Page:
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Op-Ed: What I Learned by Living Through a Toxic-Chemical Spill in New Jersey

The EPA is poised to pass new rules about dangerous chemicals and carcinogens, but they don’t do nearly enough to protect our children

trisha sheeehan
Trisha Sheehan

A few years ago, I was home with my two children when a plume of vinyl chloride, a toxic and highly carcinogenic chemical, drifted through my New Jersey neighborhood. My sons began to complain of watery eyes, burning throats, and head pain, and I felt dizzy, tired, and clumsy. I found out on the news that 23,000 gallons of vinyl chloride had spilled following a train derailment in a nearby town.

I will never forget that day. It sent me on a journey to learn about toxic chemicals -- and how they are stored, transported, and regulated in the U.S. What I learned is disturbing.

More than one hundred million Americans across the country live near factories, water-treatment plants, and other industrial sites that make or use dangerous chemicals such as vinyl chloride. These are high-risk zones. People are in danger of injury, illness, or even death in the case of leaks, spills, explosions, or sabotage at these facilities.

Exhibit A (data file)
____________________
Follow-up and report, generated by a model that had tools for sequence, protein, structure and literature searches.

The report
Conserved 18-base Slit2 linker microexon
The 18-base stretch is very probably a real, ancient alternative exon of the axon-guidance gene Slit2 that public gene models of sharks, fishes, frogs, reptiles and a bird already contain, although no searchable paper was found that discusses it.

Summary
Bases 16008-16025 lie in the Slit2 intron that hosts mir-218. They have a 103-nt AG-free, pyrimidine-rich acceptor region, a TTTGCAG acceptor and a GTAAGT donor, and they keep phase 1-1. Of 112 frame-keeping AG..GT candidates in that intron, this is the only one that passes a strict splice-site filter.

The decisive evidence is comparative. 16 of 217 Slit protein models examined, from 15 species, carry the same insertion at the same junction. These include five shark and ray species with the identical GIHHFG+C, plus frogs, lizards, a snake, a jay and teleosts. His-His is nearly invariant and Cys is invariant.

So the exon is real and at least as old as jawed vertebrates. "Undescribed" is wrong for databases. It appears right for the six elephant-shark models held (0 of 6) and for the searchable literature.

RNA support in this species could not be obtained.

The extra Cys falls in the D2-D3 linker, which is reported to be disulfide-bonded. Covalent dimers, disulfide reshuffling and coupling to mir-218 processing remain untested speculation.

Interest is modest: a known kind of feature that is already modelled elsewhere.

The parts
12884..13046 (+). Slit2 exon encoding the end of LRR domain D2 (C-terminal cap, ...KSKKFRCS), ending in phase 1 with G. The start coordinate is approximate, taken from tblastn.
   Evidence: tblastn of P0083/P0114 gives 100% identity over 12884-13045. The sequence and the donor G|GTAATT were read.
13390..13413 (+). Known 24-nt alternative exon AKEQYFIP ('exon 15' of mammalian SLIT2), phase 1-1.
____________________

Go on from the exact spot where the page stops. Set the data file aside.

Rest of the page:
The Environmental Protection Agency (EPA) has proposed a long-awaited safety rule for chemical facilities. Unfortunately, the EPA’s proposed rule fails to require a switch to safer chemicals and technology where they are available and affordable -- which is in many instances.

Many safer alternatives to hazardous chemicals exist; but because facilities are not required to use safer chemicals or technologies when available, they continue to do what they’re doing, which involves placing millions of children at risk where they learn and play. One in three American schoolchildren attends a school that sits within a vulnerability zone. This means that one-third of all children are at risk of being exposed to explosions, fires, and toxic chemicals throughout every school day.

Dangerous facilities are within walking distance of many of our homes and schools. They can be made safer. The EPA must require chemical facilities to switch to safer chemicals and technologies that are both available and affordable.

I hope that in the future, no mother will have to watch her children suffer from the health impacts of a chemical disaster, as I have. Please, join me in raising your voice for safer chemical facilities, before the EPA makes its final decision about this new rule.

Trisha Sheehan is deputy field manager of Moms Clean Air Force.

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